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What is more important—race or class—in determining the socioeconomic success of the blacks and whites born since the civil rights triumphs of the 1960s? When compared to whites, African Americans complete less formal schooling, work fewer hours at a lower rate of pay and are more likely to give birth to a child out of wedlock and to rely on welfare. Are these differences attributable to race per se, or are they the result of differences in socioeconomic background between the two groups?
Being Black, Living in the Red demonstrates that many differences between blacks and whites stem not from race but from economic inequalities that have accumulated over the course of American history. Property ownership—as measured by net worth—reflects this legacy of economic oppression. The racial discrepancy in wealth holdings leads to advantages for whites in the form of better schools, more desirable residences, higher wages, and more opportunities to save, invest, and thereby further their economic advantages.
Dalton Conley shows how factoring parental wealth into a reconceptualization of class can lead to a different future for race policy in the United States. As it currently stands, affirmative action programs primarily address racial diversity in schooling and work—areas that Conley contends generate paradoxical results with respect to racial equity. Instead he suggests an affirmative action policy that fosters minority property accumulation, thereby encouraging long-term wealth equity, or one that—while continuing to address schooling and work—is based on social class as defined by family wealth levels rather than on race.
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Dalton Conley is Director of the Center for Advanced Social Science Research and Professor of Sociology and Public Policy at NYU; he is also Research Associate at the National Bureau of Economic Research and Adjunct Professor of Community Medicine at Mt. Sinai School of Medicine.Dalla seconda/terza di copertina:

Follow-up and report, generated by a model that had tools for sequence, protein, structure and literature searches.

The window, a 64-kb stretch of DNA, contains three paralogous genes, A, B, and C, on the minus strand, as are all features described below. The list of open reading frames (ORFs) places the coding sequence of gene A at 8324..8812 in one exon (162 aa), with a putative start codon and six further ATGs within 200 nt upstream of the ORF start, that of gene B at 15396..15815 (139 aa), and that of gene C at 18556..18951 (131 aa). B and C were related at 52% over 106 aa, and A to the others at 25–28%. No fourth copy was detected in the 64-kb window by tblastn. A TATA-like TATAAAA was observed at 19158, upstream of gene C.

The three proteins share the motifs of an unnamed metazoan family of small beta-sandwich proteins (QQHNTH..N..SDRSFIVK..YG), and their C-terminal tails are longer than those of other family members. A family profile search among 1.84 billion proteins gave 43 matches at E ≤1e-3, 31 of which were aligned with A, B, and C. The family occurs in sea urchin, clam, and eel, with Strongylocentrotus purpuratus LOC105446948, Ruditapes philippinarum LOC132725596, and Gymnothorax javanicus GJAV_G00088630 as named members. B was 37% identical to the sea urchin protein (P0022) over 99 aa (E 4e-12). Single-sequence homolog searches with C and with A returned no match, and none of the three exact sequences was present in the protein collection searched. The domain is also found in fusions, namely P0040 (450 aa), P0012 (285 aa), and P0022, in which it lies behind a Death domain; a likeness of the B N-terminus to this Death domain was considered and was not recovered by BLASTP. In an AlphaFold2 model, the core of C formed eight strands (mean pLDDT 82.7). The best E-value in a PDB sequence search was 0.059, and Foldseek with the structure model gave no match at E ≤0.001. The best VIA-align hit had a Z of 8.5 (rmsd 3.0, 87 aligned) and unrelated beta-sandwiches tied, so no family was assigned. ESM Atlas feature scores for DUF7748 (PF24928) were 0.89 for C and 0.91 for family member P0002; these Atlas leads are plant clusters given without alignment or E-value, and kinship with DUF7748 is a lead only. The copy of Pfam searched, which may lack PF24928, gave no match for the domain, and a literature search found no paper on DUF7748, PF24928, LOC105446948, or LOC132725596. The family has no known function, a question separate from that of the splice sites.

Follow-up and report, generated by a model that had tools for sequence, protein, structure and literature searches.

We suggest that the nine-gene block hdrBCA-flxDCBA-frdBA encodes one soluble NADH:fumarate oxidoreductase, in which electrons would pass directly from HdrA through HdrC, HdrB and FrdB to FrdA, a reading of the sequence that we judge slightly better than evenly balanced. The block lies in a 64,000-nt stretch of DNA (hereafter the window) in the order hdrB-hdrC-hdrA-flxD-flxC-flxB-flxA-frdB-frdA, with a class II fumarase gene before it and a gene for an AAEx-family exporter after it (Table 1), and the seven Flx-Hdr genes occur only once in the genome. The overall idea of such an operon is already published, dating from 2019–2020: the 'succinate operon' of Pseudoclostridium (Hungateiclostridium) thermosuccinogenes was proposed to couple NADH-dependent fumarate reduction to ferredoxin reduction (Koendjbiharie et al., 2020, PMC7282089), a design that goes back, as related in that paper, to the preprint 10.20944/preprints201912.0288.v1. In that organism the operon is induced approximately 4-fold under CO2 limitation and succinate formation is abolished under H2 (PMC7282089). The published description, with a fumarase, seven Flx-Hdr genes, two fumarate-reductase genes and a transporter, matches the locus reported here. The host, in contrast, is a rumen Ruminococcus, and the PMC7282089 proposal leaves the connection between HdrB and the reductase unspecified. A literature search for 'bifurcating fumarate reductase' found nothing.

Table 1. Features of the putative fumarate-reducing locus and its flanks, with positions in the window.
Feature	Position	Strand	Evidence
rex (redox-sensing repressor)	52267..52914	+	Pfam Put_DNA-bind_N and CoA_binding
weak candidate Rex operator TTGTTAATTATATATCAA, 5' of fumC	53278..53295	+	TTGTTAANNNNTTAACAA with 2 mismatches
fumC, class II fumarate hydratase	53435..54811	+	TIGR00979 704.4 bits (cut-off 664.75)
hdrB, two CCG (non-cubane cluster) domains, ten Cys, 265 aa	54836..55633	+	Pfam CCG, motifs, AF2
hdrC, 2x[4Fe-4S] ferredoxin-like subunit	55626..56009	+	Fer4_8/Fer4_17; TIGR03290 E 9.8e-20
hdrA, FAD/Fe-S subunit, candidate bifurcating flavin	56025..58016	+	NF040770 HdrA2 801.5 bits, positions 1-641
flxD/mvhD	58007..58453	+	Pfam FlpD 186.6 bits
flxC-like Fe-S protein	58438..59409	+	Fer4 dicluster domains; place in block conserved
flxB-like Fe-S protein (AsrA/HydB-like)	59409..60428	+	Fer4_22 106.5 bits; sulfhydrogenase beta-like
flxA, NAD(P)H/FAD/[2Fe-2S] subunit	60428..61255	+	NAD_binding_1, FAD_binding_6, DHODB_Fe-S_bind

"Being Black, Living in the Red is an important book. In Conley's persuasive analysis the locus of current racial inequality resides in class and property relations, not in the labor market. This carefully written and meticulous book not only provides a compelling explanation of the black-white wealth differential, it also represents the best contribution to the race-class debate in the past two decades."—William Julius Wilson, author of When Work Disappears: The World of the New Urban Poor
"In Being Black, Living in the Red, Dalton Conley has taken the discussion of race and inequality into important new territory. Even as income inequality is shrinking, Conley shows, the wealth gap endures. That gap, he argues lucidly, explains much of the persisting 'two societies' phenomenon—it contributes significantly to inequalities in education, work, even family structure. Those concerned about equity in America will find this book indispensable reading."—David Kirp, author of Our Town: Race, Housing, and the Soul of America
"With methodological sophistication Dalton Conley's well written book makes a significant contribution to our understanding of the precarious social and economic predicament that African Americans continue to experience."—Martin Sanchez-Jankowski, author of City Bound: Urban Life and Political Attitudes Among Chicano Youth
"Picking up where Oliver and Shapiro (Black Wealth, White Wealth) left off, Conley details how and why facets of net worth cascade into long-term inequalities. All sides will be impressed with Conley's thorough scholarship and richly detailed analysis."—Troy Duster, co-editor of Cultural Perspectives on Biological Knowledge
"Being Black, Living in the Red is the most convincing analysis yet of the importance of wealth for the life chances of African Americans. Thanks to Conley's stunning data and adroit theoretical discussions, social scientists and policymakers can no longer ignore wealth as they attempt to deal with the thorny issue of racial inequality. A must read!"—Melvin L. Oliver, author of Black Wealth, White Wealth: A New Perspective on Racial Inequality
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Descrizione libro University of California Press, 1999. Condizione: New. book. Codice articolo M0520216733
Descrizione libro University of California Press, 1999. Paperback. Condizione: New. Codice articolo 0520216733-11-20025433
Descrizione libro University of California Press, 1999. Condizione: New. New. Codice articolo Q-0520216733